Should Perl 7 Be Backwards Compatible?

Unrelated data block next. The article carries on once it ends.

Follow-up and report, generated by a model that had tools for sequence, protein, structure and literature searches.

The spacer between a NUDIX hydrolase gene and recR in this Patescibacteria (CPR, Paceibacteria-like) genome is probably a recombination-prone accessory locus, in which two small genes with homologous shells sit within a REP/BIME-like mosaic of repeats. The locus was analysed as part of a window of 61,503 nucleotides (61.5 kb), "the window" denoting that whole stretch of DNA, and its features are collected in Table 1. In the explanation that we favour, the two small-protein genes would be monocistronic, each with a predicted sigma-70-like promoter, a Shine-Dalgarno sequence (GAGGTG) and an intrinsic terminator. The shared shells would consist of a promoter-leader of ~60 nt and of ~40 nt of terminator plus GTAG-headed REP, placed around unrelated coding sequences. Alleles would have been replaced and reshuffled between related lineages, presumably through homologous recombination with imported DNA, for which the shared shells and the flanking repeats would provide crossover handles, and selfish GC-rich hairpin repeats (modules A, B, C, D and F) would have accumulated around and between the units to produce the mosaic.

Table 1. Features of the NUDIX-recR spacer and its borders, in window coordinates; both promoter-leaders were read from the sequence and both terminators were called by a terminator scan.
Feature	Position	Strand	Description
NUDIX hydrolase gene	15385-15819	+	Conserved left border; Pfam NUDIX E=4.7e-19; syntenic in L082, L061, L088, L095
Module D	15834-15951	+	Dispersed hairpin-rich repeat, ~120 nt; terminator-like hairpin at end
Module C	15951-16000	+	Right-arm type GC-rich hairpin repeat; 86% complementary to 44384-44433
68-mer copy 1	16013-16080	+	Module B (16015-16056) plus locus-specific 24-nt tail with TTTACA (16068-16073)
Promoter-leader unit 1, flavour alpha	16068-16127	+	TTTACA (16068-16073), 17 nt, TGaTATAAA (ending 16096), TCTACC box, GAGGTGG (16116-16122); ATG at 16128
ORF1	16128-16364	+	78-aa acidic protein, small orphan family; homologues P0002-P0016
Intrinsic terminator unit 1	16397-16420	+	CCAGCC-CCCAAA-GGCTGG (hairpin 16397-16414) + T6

Long-time Slashdot reader destinyland writes: What’s up with Perl 7? Perl Foundation board member Ricardo Signes tried to sum up the state of the community in a detailed post to the “Perl 5 porters” mailing list. And in a section titled “To Break or Not To Break,” he writes that “The central Perl 7 question is not about version numbering, but rather about backward compatibility guarantees…” And more specifically, it’s how to respond to the question of whether Perl 5 “is too constrained by backward compatibility to grow significantly in utility or rate of use.” He presents three possible responses: — Reject the premise. “There is a lot of room for forward motion without breaking changes, if we would just stop trying to change the rules and move forward.” — Accept the premise, but then “let Perl continue along its current course, becoming ever more stable as it is used by an ever-diminishing audience until it is given its rightful place in the Hall of the Honored Dead.” — Or, “figure out which constraints can, like chains, be shrugged off so we can move ahead…” While he sees merit in all three positions, the core hope of the Perl 7 plan is choice #3. “Maybe there are kinds of backward compatibility that can be shrugged off without disrupting the vast majority of Perl users, while making the language easier to use and (very importantly) easy to *continue* to improve.” And more to the point, “We aren’t picking up new core developers for a bunch of reasons, but one is ‘it’s just too much of a slog to -do- anything.’ So I am in favor of making selective breakages in order to make the language better and the implementation more workable. I think this is the core of the Perl 7 plan, and the big question is ‘what are those selective breakages.'” That section is followed by another one titled “How Shall I Break Thee?” (“The impact on existing code is a big question to be answered. Nobody is arguing that we’ll attract a new set of users and developers by first alienating all the existing ones.”) While there’s good suggestions, right now “The plan is to come up with a plan.” And this starts with creating a document to formalize the governance model of the Perl Steering Committee as their way of pre-forming some early consensus and refining ideas before they’re then put up for general discussion on the mailing list, with a project manager giving final approval to the larger community’s decisions. This will then be followed by “producing a clear set of intended changes…” “Until that happens, I just hope for a little period of calm and good faith.” Read more of this story at Slashdot.


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